Secondary Markets, Prime Opportunities

How do you pick a secondary market? An expert panel offered answers to that pressing question at iForum Global's annual Real Estate Private Equity Summit.

How do you pick a secondary market? An expert panel offered answers to that pressing question this week at iForum Global’s annual Real Estate Private Equity Summit in New York City.

From left, Jeff Adler, Matrix; Tim Wang, Clarion Partners; Dags Chen, Real Estate Advisers. Not pictured: Steve Sadler, Allegiancy.

From left, Jeff Adler, Matrix; Tim Wang, Clarion Partners; Dags Chen, Real Estate Advisers. Not pictured: Steve Sadler, Allegiancy.

Though the views of the investors, analysts and advisers varied considerably, common threads emerged. “It’s a southern and western play,” explained Jeff Adler, the panel’s moderator and vice president at Matrix. ‘It’s mostly where jobs are being created and where there is a moderate supply” of attractive product. In addition, he noted, “You’re looking for places that have good intellectual capital,” typically in the form of technology, healthcare, energy and higher education.

Finding those opportunities has become more of a priority in the past several years. An abundance of capital, coupled with demand for high-quality assets, is bidding up prices and pushing investors to search beyond the so-called “Sexy Six”—New York City, Boston, Washington, D.C., Chicago, San Francisco and Los Angeles. By the fourth quarter of last year, average prices for multifamily properties those markets (plus Miami) stood at least 129 percent of their 2007 peaks, led by the New York City metro region at 146 percent, according to Matrix data. By contrast, the average national price was only 114 percent of the 2007 peak.

In addressing these issues, the panelists offered some examples of their top-choice secondary markets. Tim Wang, a senior vice president with Clarion Partners, mentioned Miami, Nashville and Raleigh, N.C., as among the firm’s top secondary markets. In addition, Wang said, “We are looking for the next Seattle.” That points to Austin, Denver and Portland, all burgeoning technology hubs and Millennial magnets.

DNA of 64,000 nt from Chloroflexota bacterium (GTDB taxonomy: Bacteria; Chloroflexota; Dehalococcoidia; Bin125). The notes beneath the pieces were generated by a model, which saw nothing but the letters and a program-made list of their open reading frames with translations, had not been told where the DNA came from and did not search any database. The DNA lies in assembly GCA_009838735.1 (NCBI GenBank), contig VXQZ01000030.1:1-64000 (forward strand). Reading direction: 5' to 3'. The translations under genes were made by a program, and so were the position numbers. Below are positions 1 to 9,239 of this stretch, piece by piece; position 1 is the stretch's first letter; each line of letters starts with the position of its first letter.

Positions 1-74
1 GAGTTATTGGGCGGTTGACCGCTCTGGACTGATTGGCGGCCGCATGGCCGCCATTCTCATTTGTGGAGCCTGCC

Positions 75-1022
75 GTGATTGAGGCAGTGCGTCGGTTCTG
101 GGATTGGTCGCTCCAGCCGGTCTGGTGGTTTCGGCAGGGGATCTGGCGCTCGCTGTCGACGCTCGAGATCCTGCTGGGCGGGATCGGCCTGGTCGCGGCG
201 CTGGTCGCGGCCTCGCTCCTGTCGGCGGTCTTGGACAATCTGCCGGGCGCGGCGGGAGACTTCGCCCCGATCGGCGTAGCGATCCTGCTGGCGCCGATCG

Still other attractive second-tier markets may not yet be on everyone’s radar. Wang noted that Goldman, Sachs & Co. has quietly built its second-largest  North American team in Salt Lake City—1,400-plus employees and counting, according to the financial giant’s website.

Cornerstone Real Estate Advisers looks favorably on the office markets in Orlando and Atlanta, industrial properties in Pennsylvania’s I-78/I-81 corridor, retail in North Las Vegas and Wilmington, N.C., reported Dags Chen, an assistant vice president. He offered a telling indicator for the industrial sector: “If you look at historical trends, you’ll see that the port markets run at a lower availability than the historical benchmark.”

For his part, Allegiancy’s Steve Sadler dropped the names of Raleigh and Tampa. “We are certainly very focused on the big demographic trends”—job growth, education levels and age, noted the CEO of the Richmond, Va.-based asset manager.

Attractive investment opportunities can be found in these dynamic secondary markets, yet investment opportunities also come with caveats. “If you’re in a secondary or tertiary market, the exit is the question mark,” Sadler observed. As he summed up the question, “Is your market going to be out of favor the day you’re ready to sell it?”

The takeaway is that secondary markets present potential and challenges in equal measure. “You have to do your due diligence more deeply for a secondary market, but the payoff is there,” Adler noted. And Chen concurred on the importance of careful underwriting: “You’ve got to make sure you’ve done your homework.”